Choosing Between Opaque AI and Transparent AI
By Rob Walker | May 25, 2018
Guest Columnist Dr. Rob Walker is VP Decision Management & Analytics at Pegasystems
AI has reached the place in its evolution where it’s very useful without being costly. Once any new technology achieves this point, a call goes out in the industry for the creation of a managed approach to using it. AI is no different. Now that it’s used in machine learning, decisioning, and personalization, developers need tools to control its use. Quite simply, if you’re going to rely on AI to liberate your organization from slow, manual business processes, you need a control switch—one that lets you direct how your AI operates. While this solution requires additional nuances, developers need a capability that functions as an On/Off toggle switch, and the integration of this capability is a no-brainer.
Choosing Between opaque and transparent AI
Many developers of AI technology are considering classifying it into two categories: opaque and transparent.
Opaque AI is a “black box” system, where the technology can’t explain itself or why it’s operating in a certain way. This doesn’t mean opaque AI is ineffective—instead this means it’s higher risk and, possibly, a liability. Transparent AI is when the technology is required to explain its decisions and how it reached them. It can explain exactly how it's using data to make decisions or predictions.
The decision that transparent AI is the way to go might seem obvious. What CEO would want opaque AI running through their company’s systems? However, there are situations when an opaque design is acceptable, or even preferred. For instance, in areas like marketing, you can see how some CMOs may not be concerned. They may find that insights and decisioning provided by an opaque AI is boosting the return on their marketing budget—and that's good. If that opaque AI selects the locations for their billboards, the TV shows for their commercials, or the websites where their ads will play, they’ll be happy so long as the results are positive.
A requirement for transparency doesn’t come for free. Because the need for transparency is a constraint on AI, opaque AI may prove more effective. That means there’s a trade-off to be made. There’s no reason why AI shouldn’t be used in highly regulated industries, like credit risk. Used properly, AI can improve the accuracy of these services and result in fewer errors. However, since some businesses (such as banks) need to explain how they’re achieving these operational improvements (in the EU, this will be a legal requirement when GDPR comes into effect soon), using opaque AI will be problematic. It will depend on the industry and the types of decisions whether the price of transparent AI is affordable. For instance, if an opaque AI would prove superior to human doctors in diagnosing a medical condition, the price of transparent AI may be paid in lives. Even in the aforementioned banking example of credit risk, opaque AI will likely mean fewer borrowers in debt and less risk to the bank. But at the same time, the logic behind accepting or rejecting a loan application will be less understood. A trade-off.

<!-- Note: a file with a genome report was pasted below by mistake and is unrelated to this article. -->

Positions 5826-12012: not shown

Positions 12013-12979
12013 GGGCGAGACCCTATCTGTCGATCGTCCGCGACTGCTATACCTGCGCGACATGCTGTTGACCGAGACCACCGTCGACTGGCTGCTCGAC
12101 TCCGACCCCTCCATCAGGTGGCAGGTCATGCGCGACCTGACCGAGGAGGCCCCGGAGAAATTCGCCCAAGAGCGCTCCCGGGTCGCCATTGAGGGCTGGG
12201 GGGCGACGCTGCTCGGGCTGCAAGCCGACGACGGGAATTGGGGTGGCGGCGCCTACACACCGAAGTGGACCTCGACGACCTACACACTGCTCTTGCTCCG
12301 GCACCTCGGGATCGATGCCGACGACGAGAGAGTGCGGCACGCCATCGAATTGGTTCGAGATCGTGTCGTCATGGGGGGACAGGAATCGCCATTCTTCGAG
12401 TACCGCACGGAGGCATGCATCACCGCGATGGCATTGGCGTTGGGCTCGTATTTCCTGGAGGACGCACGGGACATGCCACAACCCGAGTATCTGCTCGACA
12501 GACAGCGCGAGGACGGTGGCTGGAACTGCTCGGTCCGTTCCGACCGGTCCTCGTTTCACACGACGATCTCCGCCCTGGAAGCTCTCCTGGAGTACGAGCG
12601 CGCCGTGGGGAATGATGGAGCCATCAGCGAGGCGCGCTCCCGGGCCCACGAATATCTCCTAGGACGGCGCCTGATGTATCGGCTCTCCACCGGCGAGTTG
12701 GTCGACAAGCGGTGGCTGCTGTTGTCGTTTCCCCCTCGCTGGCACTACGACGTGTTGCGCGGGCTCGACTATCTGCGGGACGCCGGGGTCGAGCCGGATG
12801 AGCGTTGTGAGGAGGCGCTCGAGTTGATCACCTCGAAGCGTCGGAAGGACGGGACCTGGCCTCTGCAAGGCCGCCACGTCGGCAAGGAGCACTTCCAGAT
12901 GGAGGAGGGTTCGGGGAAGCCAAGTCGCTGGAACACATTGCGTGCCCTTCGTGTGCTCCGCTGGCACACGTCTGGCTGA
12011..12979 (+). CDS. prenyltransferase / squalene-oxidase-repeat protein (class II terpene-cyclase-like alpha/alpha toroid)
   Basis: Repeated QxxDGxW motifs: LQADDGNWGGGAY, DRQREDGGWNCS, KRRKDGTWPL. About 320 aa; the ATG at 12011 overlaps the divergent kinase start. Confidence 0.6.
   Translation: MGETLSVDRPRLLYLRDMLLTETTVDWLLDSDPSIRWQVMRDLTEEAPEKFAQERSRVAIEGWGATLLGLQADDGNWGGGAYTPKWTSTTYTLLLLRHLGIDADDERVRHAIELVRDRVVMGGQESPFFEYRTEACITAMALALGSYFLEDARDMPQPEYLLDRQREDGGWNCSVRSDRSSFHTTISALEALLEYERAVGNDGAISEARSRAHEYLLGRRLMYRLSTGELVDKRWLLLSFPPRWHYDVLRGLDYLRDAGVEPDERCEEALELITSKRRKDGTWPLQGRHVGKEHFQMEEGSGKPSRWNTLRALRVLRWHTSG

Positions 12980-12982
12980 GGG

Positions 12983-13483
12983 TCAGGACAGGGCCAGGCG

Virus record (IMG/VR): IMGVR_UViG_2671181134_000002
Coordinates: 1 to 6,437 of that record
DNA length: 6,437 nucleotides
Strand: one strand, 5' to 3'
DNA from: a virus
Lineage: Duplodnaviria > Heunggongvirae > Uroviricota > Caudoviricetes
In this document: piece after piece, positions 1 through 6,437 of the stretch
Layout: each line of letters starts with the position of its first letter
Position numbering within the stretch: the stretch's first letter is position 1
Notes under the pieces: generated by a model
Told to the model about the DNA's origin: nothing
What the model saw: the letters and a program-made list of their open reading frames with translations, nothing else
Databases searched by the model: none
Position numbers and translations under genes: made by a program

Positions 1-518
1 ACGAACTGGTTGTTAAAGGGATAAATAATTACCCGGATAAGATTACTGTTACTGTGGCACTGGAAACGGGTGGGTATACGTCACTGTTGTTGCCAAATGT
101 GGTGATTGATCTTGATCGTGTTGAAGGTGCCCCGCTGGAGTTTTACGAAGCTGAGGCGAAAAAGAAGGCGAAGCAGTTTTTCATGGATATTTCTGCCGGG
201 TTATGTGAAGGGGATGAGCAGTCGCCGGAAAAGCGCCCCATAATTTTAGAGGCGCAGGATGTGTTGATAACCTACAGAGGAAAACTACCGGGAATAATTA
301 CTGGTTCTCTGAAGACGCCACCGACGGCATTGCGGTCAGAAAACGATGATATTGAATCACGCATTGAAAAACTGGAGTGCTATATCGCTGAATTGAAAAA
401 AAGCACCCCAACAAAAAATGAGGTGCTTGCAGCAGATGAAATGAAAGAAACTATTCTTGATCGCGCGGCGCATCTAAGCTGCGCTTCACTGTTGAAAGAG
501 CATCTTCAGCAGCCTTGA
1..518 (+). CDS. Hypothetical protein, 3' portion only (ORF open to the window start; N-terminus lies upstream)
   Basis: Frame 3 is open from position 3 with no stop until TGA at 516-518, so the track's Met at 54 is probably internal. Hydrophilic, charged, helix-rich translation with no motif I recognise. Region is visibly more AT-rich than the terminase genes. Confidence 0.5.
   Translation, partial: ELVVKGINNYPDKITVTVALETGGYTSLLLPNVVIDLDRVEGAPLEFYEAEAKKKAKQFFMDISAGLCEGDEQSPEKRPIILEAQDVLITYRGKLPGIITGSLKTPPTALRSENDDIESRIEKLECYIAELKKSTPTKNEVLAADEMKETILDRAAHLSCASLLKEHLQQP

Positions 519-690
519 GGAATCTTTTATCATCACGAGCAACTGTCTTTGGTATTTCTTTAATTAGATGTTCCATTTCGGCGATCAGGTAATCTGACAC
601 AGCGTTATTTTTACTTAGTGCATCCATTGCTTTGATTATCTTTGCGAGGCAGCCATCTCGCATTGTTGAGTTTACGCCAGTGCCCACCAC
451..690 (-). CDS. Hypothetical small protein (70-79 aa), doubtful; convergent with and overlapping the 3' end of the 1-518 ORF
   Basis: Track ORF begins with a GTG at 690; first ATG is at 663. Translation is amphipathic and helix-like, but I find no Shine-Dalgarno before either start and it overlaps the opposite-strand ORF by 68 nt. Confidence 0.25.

Managing AI technology
As a rule, businesses must be able to control where their AI can be allowed to be opaque and where they need to insist on it being transparent. And what if the situation changes, or new legislation like GDPR comes into effect, and transparent AI is required? How can you control the technology without a costly, major teardown? How can you make sure that you can trust your AI?
Consider the value of a T-Switch, where the “T” stands not only for Transparent, but also for Trust. If the T-Switch is toggled to the opaque setting, then anything goes. If the T-Switch is toggled to transparent, then the AI must provide information about its behavior and anything opaque will be actively blocked from execution. Because we do not live in a world where “Either/Or” is a reality, in reality the T-Switch will be a slider ranging from 1 (very opaque) to 5 (completely transparent).
Working with AI is not just about regulation—it's about taking an active part in the discussion about AI that easily veers into ethics and morality. The choice of where to allow opaque AI and where to insist on transparent AI is a critical choice to have.
We’re already seeing AI that assists human judgment in call centers, optimizes the customer experience in unassisted channels, and effectively makes suggestions that add value to the bottom line. At some point, we’ll see AI take on the burden of the work, but this will need supervision from people to make sure the suggestions it makes are appropriate, especially if we allow the AI to learn continuously and adapt on its own.
I think there is huge potential for AI to augment human judgment. As it is, this is just extremely smart business software that will drive unprecedented outcomes. With the controls I've just outlined, those outcomes will not just be unprecedented, but also safe.
A version of this article originally appeared on the Pegasystems website.